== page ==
Sunday, June 7, 2009

Sunday Comics from April, 1946

These tiny-paned windows into the postwar zeitgeist are actually weekday comics, from the Ypsilanti Daily Press. But a Sunday without comics is like a breakfast without bacon. They are sequential, since heaven forfend we miss a day of "poor man's Flash Gordon" Brick Bradford. Or the glacial non-adventures of Secret Agent X-9. Enjoy!
April 16: "Etta Kett" is riffing on the severe postwar housing shortage, as her latest boyfriend has just "sold" Etta's dad's home to someone desperate for housing. A battle for the house ensues.

Note in "Myrtle" (DD's favorite of these 4) that the grocer is home-delivering groceries!

April 17: Brick unveils his secret weapon in a bold gambit to defeat the generously bearded Grog. Though a futuristic space guy, Brick uses a 1940s mike.

Myrtle's aunt Minnie swoons over her soda-jerk squeeze "Slug," and hopes he'll pop the question. Presumably their son would be Slug Jr. Or Slug II.

BONUS COMIC: an April 17 editorial comic about the housing shortage for returning GIs. Grog reappears in a top hat with a sardonic comment about the atom bomb tests. DD has no idea what "glass eggs" are or why they would be in a feed store.

April 18: Myrtle is forgetful. Secret Agent X-9 channels Dashiell Hammett in panel 1. Brick's device is emitting a strange dark ray and Grog is revealed as slump-shouldered and portly. Not the most intimidating nemesis.

BONUS AD: Detroit Edison discusses their ongoing farm electrification project, intimating that not all area farms had electricity in 1946 (!)

BONUS GARDENING EXHORTATION: Try Celtuce! You'll love it!

April 19: Myrtle has an agnostic dog. Brick lays down the Science: "This box is simply reversing the process of the incandescent bulb," an operation Dusty D does every night at bedtime. Secret Agent X-9's sidekick is too busy making cookies to keep track of their quarry.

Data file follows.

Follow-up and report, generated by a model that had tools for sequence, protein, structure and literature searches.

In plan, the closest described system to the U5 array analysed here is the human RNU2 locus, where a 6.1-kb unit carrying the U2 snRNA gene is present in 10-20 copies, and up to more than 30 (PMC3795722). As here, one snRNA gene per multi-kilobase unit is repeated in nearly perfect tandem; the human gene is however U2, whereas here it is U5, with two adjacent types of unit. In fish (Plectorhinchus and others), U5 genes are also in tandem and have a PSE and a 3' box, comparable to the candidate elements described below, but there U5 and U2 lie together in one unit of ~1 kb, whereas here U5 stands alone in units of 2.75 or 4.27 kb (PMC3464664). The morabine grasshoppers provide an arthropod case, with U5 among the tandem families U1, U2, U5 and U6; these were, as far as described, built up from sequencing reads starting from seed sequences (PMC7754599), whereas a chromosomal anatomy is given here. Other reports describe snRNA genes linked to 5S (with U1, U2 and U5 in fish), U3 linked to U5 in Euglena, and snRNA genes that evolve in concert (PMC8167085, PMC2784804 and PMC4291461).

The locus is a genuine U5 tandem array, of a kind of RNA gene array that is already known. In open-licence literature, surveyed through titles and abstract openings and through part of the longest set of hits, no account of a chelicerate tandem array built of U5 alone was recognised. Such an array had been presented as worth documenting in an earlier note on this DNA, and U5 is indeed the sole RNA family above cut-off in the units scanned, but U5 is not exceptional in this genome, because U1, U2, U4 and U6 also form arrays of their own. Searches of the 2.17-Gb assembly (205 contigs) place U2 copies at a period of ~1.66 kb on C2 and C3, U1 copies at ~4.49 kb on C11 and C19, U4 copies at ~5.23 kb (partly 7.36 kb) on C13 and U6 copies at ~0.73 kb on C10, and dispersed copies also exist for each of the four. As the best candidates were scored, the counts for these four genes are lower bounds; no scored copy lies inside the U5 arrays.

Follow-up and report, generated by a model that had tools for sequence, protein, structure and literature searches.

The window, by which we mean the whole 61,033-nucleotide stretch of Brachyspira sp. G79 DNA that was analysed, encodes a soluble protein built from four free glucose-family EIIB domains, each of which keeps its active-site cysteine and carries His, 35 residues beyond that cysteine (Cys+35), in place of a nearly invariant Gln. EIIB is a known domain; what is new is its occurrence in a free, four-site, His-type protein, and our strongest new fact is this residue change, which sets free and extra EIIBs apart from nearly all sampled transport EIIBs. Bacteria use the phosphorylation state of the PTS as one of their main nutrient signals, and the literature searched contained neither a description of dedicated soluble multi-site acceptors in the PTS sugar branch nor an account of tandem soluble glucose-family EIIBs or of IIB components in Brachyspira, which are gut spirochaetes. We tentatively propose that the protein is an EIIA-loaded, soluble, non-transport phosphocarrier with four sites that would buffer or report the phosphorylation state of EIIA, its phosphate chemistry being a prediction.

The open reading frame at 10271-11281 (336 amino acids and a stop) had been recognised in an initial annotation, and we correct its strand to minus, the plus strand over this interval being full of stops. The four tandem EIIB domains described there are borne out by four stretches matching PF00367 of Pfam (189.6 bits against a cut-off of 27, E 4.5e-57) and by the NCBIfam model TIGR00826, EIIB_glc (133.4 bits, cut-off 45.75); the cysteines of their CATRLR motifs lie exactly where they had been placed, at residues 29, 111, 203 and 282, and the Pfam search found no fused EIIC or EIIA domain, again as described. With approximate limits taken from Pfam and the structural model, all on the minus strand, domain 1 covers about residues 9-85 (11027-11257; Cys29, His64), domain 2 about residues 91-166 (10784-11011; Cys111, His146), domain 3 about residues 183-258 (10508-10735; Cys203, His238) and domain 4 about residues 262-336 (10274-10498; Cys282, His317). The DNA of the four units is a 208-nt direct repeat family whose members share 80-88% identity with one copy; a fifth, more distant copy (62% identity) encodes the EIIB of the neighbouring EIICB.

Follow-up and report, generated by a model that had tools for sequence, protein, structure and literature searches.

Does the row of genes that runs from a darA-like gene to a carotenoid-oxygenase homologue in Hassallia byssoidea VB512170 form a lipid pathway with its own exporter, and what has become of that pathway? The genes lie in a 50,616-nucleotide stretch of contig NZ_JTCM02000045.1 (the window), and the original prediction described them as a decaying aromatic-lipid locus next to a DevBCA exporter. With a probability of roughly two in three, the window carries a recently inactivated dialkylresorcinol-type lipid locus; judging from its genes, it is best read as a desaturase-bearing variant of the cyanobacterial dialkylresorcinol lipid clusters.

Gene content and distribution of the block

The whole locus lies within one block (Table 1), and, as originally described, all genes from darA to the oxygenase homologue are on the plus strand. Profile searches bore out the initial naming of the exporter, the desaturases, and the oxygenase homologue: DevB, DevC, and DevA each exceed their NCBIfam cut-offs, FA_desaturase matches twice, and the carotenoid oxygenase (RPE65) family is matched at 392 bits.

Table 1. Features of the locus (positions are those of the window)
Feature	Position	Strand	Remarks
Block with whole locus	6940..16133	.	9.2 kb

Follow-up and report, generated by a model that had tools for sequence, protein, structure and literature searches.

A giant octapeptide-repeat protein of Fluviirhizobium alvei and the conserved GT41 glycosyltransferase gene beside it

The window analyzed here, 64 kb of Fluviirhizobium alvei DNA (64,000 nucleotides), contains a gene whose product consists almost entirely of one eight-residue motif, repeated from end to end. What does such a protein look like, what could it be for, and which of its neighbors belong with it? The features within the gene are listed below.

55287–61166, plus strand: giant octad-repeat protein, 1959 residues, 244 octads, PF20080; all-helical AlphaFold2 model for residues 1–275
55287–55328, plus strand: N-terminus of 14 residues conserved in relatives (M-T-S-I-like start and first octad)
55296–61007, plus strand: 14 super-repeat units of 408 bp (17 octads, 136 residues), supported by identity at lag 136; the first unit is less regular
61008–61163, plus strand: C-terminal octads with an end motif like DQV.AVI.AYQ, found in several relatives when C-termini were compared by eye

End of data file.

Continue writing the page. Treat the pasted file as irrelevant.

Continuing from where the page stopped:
April 20: Confronted in the soda shop, Etta's friend confesses he spent the fraudulent "deposit" he got for Etta's house. Nice friend. Secret Agent X-9's sidekick is going off the deep end. Brick remembered to put triple A batteries in his goggles. And we end on a high note with the best Myrtle yet.

That's a week's worth--hope you enjoyed 'em!


Fritz said...

From the ad, I assumed celtuce was a cross of cellery and letuce. Nope. It's native to China.

Today I learned a new vegitable. :-)

Anonymous said...

Celtuce can get 5 or 6 feet tall. The bottom leaves end up getting nasty and the surface exudes a sort of bitter sap.

I can see why it never caught on in the U.S.

Dusty D said...

A towering vegetable you harvest with an ax that oozes icky sap and has unpalatable leaves.

Think I'll skip that in the garden this year.

jml said...

The article also mentions Tampala. Also called Amaranth greens, or pigweed. I think they picked the right name.

Dusty D said...

Jeeves, please pass me a third helping of those delightful pigweed croquettes. They're simply divine.

You're right jml, that doesn't work...

Lisele said...

Hey, DD -- why the headline "Ypsilanti Peace Gardens...?" Was this a variation of Victory Gardens grown during WWII?

Dusty D said...

Lisele: I believe it was; just a carry-over from the big Victory Gardens drive that would have been common knowledge to readers of this postwar paper.

Just a guess, though.